OWLS HEAD, Maine (NEWS CENTER) — One of Maine’s most popular museums is trying a new way to rebuild one of its old treasures.
The Owls Head Transportation Museum is restoring its popular "Red Baron" triplane, a reproduction of a Fokker DR-1 from World War I.
The original plane was made famous by the German flying ace called the "Red Baron" in the so-called Great War.
The museum’s curator, Ethan Yankura, said they want the plane restored to full flying condition as part of their observance of the 100th anniversary of United States' entry into World War I, which happens this year.
He said none of the original Fokker DR-1 planes still exist. This one was built in Maine more than 40 years ago for Ken Cianchette, who later gave it to the museum. Owls Head aircraft curator Bob Bailey said the reproduction was "very accurate."
Yabkura said the original triplane had the dual advantages of tremendous lift and maneuverability, which made it very effective in aerial combat.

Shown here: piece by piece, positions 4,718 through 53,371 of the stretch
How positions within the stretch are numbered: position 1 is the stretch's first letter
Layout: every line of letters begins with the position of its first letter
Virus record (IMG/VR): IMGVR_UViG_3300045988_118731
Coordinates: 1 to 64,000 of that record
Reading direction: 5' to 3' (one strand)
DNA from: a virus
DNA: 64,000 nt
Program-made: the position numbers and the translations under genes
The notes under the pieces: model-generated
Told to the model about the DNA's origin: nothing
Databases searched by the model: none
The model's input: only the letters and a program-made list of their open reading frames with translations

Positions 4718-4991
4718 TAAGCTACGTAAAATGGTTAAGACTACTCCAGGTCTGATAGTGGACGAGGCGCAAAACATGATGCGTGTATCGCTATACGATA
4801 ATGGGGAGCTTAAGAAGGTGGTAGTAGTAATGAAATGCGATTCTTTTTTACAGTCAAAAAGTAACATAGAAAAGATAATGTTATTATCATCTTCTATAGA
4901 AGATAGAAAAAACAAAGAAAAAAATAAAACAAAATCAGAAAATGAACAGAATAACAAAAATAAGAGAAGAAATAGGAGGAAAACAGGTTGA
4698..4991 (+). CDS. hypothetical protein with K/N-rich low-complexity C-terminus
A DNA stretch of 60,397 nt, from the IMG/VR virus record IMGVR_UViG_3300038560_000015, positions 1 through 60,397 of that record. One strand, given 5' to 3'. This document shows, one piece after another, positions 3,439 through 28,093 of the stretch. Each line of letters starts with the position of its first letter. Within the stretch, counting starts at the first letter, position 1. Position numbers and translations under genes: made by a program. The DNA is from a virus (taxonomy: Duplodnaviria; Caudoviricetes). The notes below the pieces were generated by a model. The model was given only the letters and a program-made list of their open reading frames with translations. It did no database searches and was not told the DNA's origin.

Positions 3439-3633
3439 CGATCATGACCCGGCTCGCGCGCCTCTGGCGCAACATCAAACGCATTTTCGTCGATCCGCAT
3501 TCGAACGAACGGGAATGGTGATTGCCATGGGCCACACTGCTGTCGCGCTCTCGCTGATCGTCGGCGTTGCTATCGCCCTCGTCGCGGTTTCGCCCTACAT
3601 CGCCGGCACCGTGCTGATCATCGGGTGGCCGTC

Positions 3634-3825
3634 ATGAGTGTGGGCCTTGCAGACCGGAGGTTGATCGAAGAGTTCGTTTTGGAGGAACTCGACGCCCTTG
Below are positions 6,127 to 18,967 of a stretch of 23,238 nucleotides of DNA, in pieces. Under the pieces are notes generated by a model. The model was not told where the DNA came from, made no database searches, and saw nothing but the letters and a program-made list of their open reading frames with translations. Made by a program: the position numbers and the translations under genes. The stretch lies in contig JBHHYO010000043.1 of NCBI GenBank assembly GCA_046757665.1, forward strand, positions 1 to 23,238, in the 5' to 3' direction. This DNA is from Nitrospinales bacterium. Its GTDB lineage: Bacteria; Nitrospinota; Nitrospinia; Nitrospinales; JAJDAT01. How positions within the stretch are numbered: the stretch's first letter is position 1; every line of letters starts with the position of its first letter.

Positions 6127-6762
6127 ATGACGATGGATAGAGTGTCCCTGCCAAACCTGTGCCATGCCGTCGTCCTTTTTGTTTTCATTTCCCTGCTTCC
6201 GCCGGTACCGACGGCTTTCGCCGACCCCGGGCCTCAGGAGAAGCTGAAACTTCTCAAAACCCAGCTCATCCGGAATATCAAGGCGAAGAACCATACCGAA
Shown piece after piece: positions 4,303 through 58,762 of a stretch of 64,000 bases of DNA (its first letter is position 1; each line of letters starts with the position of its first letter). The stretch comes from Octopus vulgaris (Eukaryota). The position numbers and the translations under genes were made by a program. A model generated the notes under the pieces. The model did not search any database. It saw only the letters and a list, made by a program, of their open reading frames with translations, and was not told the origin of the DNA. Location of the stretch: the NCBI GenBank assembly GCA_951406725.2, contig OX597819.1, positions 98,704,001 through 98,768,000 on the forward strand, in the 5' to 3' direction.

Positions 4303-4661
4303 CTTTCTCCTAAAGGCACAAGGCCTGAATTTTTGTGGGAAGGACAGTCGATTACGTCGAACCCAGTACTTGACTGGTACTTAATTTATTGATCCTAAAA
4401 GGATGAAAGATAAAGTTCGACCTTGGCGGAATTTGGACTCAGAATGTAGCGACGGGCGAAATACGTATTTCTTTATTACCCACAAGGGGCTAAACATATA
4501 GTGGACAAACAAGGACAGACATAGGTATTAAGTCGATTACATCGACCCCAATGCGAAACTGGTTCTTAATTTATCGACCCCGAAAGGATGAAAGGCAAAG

The red triplane has been a popular attraction at the museum for years and now needs to be repaired and renovated. The work is being done by volunteers, who are taking the plane apart, piece-by-piece, labeling everything as they go. They will soon have the fabric covering stripped off and the framework of the plane exposed.
At that point, Bailey said, there will be some structural repairs made before the plane is inspected by the FAA. After that, the whole thing will be recovered in Dacron fabric and reassembled. Then a rebuilt engine will be installed and the DR-1 will be ready to fly.
Despite the lack of labor costs, reconstruction of the Fokker will cost an estimated $50,000.
Yankura says the museum is preparing a new exhibit for the World War I centennial, part of which will focus on Baron von Richthofen, the real Red Baron.
The Fokker DR-1 isn’t likely to be ready for this year, says Yankura, but will fly again in 2018, in time to mark the final year of that war.
Aircraft curator Bailey said the public will be very glad to see the plane fly.
"A lot of people come through here, and one of the questions they ask is, 'Where’s the triplane? Where’s the Red Baron airplane?' It is important for us," Bailey said.
Museum curator Yankura agreed.
"To see this in the skies over the museum will be tremendous," he said.
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